Amid Record Snowfall, A Tragedy
The morning of Jan. 24, at Squaw Valley Ski Resort was one of the most spectacular in recent memory. After years of drought, three storms in a row had blanketed Squaw’s legendary slopes with a dry, crystalline powder, the stuff of skiers’ dreams. Along with the rest of Squaw's ski patrollers, 42-year-old Joe Zuiches prepared dozens of hand charges – cap-and-fuse initiated explosives — and traveled by snowcat or chairlift up into the mountain’s most rugged terrain.
Normally, patrollers and other employees opening the mountain work a delicate dance of movement and communication to trigger avalanches in unstable terrain. The snow must be blasted from places where it builds up during storms from wind and snowfall and becomes unstable enough to topple onto ski runs. That can happen with a loud sound, a blast of wind, the movement of a skier, or the changing weight of the snowpack as the sun warms and binds the top layers. This day, something went terribly wrong.
By 8:35 a.m., Zuiches stood on a planned blasting route along Gold Coast Ridge, peaks of the snowbound Sierra Crest spreading north and south around him. The 42-year-old was killed when one of the hand chargers exploded before he could toss it at its target. He left behind a wife and an infant child, as well as shocked and grieving peers. The incident set off an explosion investigation, still ongoing, involving the Bureau of Alcohol, Tobacco, Firearms and Explosives, the FBI, and Cal/OSHA.
“Joe was a beloved leader in our ski patrol, one who served as a great mentor for his team, and we will never forget his dedication to his fellow patrollers and to the safety of our guests, said Andy Wirth, president and CEO of Squaw Valley Ski Holdings. A professional mountain guide and mountaineer, Zuiches climbed Mt. Rainer, Mt. Hood, Mt. Baker, and Villarrica volcano in Chile, and summited Mount Shasta 50 times. He’d been involved in ski patrol at Squaw and earlier at Winter Park Resort in Colorado for 17 years.
Death by an exploding hand charge has occurred twice previously since 1973, when a Mammoth Mountain patroller was killed, according to snow and ski safety consultant Larry Heywood //OF WHERE?//. There are strict protocols and many guidelines to ensure safe use of explosives at resorts, but on this, one of the most anticipated powder days in years, the hand charge claimed its third victim.
Using hand charges in resort avalanche mitigation is a common practice around the world, according to Geraldine Link, director of public policy at the National Ski Areas Association. The blasting creates a controlled slide before it can become a hazard. In addition to the hand charges, resort patrollers control unstable snow with projected explosives from mounted military artillery and avalaunchers (air-powered cannons). They also release snow by skiing patterns across areas of unstable buildup, a practice called ski cutting.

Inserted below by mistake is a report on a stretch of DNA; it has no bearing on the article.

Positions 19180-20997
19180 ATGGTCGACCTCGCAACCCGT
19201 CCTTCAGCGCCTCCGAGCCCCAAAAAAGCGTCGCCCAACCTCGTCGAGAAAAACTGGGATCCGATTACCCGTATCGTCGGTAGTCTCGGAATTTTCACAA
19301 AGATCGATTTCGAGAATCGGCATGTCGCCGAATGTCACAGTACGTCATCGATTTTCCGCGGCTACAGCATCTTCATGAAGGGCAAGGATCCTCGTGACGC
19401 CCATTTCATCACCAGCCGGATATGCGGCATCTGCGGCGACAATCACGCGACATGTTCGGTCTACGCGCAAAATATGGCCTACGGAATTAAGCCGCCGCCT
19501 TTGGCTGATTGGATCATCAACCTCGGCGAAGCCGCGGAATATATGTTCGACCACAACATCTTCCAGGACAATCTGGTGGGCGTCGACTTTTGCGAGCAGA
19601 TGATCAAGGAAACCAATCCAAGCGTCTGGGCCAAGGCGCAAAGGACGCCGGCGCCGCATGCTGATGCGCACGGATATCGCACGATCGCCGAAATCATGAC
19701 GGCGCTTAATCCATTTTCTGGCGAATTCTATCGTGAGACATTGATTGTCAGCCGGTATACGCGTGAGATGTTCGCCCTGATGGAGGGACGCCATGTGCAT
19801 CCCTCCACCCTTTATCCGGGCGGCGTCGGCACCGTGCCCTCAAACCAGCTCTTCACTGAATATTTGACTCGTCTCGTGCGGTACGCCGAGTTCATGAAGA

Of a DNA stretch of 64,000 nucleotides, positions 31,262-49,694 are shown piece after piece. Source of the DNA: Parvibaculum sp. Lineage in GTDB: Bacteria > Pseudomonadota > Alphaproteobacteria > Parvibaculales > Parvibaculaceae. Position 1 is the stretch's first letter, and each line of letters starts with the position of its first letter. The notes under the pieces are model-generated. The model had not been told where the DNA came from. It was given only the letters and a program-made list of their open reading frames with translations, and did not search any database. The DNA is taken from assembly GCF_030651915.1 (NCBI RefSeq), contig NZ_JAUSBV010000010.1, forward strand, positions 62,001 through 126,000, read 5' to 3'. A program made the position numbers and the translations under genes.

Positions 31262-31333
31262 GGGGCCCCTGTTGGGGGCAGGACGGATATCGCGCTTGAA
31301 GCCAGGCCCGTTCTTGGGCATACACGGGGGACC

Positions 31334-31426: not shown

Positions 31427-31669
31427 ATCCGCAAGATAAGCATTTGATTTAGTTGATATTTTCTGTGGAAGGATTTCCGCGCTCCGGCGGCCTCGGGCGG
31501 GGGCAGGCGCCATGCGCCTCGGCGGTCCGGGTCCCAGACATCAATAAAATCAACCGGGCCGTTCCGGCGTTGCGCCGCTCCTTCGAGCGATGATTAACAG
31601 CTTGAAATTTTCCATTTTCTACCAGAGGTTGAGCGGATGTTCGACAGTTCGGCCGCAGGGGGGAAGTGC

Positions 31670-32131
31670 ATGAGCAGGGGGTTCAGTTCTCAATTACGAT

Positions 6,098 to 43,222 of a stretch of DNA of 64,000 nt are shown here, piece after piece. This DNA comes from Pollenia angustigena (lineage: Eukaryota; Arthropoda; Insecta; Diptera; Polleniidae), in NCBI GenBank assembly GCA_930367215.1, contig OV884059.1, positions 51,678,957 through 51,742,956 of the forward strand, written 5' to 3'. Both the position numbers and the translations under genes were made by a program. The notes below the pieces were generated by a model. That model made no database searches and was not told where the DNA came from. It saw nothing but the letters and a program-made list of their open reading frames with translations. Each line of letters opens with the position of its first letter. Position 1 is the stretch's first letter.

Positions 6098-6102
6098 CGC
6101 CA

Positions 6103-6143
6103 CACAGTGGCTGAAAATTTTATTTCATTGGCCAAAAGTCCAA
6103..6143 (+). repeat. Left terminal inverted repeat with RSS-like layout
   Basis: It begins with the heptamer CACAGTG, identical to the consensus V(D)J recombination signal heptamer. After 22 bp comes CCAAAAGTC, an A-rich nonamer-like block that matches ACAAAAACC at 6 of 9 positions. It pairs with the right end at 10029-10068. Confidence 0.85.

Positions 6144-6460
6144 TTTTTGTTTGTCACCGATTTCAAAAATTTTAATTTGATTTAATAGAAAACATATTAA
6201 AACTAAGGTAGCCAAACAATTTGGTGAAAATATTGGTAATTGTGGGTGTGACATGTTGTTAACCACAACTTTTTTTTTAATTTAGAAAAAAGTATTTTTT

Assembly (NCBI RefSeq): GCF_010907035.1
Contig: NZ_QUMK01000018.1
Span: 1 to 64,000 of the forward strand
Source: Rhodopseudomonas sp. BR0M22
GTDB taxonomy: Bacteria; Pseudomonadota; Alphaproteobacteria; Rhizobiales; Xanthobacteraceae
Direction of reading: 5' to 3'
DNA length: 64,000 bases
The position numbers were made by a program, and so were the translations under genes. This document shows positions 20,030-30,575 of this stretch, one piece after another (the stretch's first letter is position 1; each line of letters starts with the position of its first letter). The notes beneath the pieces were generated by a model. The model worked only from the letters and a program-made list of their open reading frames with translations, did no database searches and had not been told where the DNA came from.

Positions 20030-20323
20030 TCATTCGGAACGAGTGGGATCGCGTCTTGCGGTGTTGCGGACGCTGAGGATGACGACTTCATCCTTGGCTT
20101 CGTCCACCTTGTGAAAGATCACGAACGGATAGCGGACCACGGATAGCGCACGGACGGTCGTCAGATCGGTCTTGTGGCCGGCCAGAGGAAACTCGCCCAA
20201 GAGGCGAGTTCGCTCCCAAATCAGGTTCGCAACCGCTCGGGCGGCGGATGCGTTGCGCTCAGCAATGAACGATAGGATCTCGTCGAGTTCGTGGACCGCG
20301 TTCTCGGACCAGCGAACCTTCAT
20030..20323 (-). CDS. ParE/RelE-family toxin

Hand charges are used to trigger snow in areas that the avalaunchers and artillery can’t hit, according to Heywood, who was ski patrol director at Squaw’s neighboring Alpine Meadows Resort for 17 years. “Given squaw’s steep terrain and at times intense snowfall and wind, Squaw has one of the largest and most complex hand charge programs of ski areas in the country,” he said. “There are a lot of small pockets that the other equipment wouldn’t be appropriate for. The artillery can’t hit every nook and cranny. You can get to all of those spots on skis.”
Patrollers travel well-established routes that put them into position, usually above a targeted slope, said Heywood. Squaw, the site of 1960s Olympic Games, has 60 full- and part-time professional patrollers who handle thousands of rounds of ammunition per year at the resort.
Recently the resort added to its arsenal five Gazex Inertia Exploders, remotely controlled systems using propane gas and oxygen to create a concussive blast.
Hand charges are shaped as slender cylinders, 2 inches wide and about 12 inches long, and weigh two pounds, Heywood said. They are filled with an ammonium nitrate putty and wrapped in heavy paper. An 18-inch fuse is attached with enough length to allow 90 seconds to pass between ignition and detonation -- a requirement by California’s Division of Occupational Safety and Health.
“Within 10 seconds the charges are supposed to be out of their hands” said Heywood, who helped write the “Avalanche Blasting Resource Guide” for the National Ski Areas Association. “Most of the time you are throwing it downhill, so it can travel a good distance. You’re supposed to then get behind a barrier – sometimes a terrain barrier like a ridgeline – and protect your ears during the blast.”
With the explosion, the hand charge is vaporized, he said.
Patrollers take years of classes, pass tests, apprentice with each other before they become, like Zuiches, a team leader. “Ski areas send patrollers to national avalanche school, and they bring in people to train them at the resort,” Heywood said. “The State of California requires they apprentice for three years under the supervision of a licensed blaster before they can take an avalanche blasting test administered by Cal/OSHA.”
Team members learn about not only the area’s snow behavior and avalanche history, but also how to work in concert with other crews opening the resort. “The job takes a whole lot of people and a lot of focus,” Heywood said.
Link said that safety requirements and avalanche mitigation programs are inseparable. “Unfortunately avalanche work can be dangerous,” she said. “That goes without saying. But three incidents over 43 years — it is just such a rare occurrence.”